After an analysis within the warm period, we found that the order (April to September in 2003 is the 1st warm period, April to September in 2004 is the 2nd one, and April to August in 2005 is the 3rd one.) showed no significant interaction with two-day average temperature, and therefore indicates that there was no heat effect modification by potential population adaption to heat or by possible increasing prevalence of air-conditioning year by year.
After re-calculation of the cold effects in the cold period, we found 1.1% and 2.3% increases in cardiovascular and ischemic heart disease mortality of our whole study population associated with 1°C decrease in 15-day average temperature, respectively. Analitis et al.  reported a higher estimate (a 1°C decrease induced a 1.7% increase in cardiovascular mortality in cold seasons) within the PHEWE project, which might be attributed to their use of a 16-day average of minimum apparent temperature. Moreover, the PHEWE project included very cold northern cities such as Helsinki and Stockholm. However, the Eurowinter study  found that people in cold regions such as Finland did not experience more winter excess mortality than people in mild regions such as London; Donaldson et al.  observed no excess ischemic heart disease mortality as temperature fell from 10.2°C to -48.2°C in Yakutsk, eastern Siberia. Both findings reflect the possibility of population acclimatization to climate and maybe also to future climate changes. However, the associations of mortality with environmental temperatures are also strongly modified by behavioural and social factors (e.g. clothing, housing conditions) . In Beijing, the residential heating system works every year from November 15th to next March 15th, regardless of outside temperatures. However, we found no interaction between heating and 15-day average temperature after an analysis within the cold period, showing that residential heating didn't modify the cold effect. This might also reflect that the study population exposed themselves to outdoor temperature although they probably spent a lot of time indoors.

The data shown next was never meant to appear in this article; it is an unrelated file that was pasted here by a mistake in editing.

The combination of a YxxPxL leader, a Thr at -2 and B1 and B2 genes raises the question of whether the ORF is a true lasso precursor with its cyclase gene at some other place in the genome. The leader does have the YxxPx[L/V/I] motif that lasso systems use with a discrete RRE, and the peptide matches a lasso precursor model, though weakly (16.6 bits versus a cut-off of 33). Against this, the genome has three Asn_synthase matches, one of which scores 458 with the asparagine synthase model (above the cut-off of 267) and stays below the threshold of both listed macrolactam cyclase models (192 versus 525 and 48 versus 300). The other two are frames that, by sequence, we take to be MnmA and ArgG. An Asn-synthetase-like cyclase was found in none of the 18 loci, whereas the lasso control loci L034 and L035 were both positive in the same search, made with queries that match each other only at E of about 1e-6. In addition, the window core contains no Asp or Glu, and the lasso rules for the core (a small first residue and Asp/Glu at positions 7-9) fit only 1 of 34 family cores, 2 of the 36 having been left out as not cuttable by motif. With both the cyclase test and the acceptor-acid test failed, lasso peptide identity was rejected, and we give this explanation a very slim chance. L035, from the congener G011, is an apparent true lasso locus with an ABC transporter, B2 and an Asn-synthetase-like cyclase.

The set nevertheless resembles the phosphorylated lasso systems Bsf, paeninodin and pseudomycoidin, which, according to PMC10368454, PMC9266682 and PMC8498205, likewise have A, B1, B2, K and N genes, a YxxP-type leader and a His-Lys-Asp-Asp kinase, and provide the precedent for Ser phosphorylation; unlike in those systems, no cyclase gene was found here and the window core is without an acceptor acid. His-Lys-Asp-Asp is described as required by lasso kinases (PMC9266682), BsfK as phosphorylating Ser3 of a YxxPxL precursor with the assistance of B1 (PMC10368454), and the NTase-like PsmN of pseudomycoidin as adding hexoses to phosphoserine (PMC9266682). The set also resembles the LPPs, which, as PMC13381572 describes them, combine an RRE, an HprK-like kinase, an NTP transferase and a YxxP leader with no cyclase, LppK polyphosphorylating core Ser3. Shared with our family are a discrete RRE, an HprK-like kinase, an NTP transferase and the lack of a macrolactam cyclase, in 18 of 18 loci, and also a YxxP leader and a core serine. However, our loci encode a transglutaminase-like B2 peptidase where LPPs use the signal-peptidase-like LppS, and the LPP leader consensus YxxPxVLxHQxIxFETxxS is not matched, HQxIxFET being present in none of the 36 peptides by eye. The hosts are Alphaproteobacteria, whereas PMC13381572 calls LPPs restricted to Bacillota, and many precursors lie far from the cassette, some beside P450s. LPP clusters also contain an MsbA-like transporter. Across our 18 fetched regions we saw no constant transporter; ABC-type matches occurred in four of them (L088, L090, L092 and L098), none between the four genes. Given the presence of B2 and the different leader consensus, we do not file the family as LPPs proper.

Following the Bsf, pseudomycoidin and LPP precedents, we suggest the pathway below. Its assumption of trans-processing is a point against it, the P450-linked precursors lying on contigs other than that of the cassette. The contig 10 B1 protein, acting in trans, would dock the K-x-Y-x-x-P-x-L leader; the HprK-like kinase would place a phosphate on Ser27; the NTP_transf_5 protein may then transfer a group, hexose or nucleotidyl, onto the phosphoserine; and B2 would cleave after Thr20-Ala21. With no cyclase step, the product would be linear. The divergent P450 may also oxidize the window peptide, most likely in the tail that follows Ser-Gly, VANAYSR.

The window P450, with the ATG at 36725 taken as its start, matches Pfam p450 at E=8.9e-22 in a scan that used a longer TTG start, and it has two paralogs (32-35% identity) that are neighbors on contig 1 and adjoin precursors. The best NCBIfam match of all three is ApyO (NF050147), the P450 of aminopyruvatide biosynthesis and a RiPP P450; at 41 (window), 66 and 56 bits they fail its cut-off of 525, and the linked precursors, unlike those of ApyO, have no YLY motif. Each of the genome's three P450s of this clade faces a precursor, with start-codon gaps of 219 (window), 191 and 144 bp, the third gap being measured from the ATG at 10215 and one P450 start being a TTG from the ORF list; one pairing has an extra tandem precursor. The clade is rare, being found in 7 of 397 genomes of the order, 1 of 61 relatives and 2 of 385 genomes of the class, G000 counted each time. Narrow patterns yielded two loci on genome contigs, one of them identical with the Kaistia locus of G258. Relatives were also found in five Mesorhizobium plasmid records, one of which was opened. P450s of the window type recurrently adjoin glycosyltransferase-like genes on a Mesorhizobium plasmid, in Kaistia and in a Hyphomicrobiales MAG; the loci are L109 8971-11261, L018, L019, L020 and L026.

Our study showed effects of increasing temperature on respiratory mortality even during cold season. This is contrary to our initial hypothesis, although the same situation has been observed by Kunst et al.  in The Netherlands. We therefore investigated the exposure-response functions between 2-day or 15-day average temperature and mortality due to influenza and pneumonia (J10-J18) and chronic lower respiratory diseases (J40-J47) (data not shown). Interestingly, we observed different effects regarding the two mortality categories. Whereas a decrease in temperature was associated with an increase in mortality due to influenza and pneumonia (as expected), we found opposite effects for mortality due to chronic lower respiratory diseases. In a previous study, Hampel et al.  have reported differences in the associations between a temperature decrease and several blood markers of inflammation and coagulation in patients with coronary diseases and patients with pulmonary diseases. They hypothesized that there might be different disease patterns as well as patient characteristics and medication responsible for the observed differences in the effects. Nevertheless, although we have no hint of a higher misdiagnosis for respiratory deaths than for deaths due to other causes, we cannot rule out this possibility.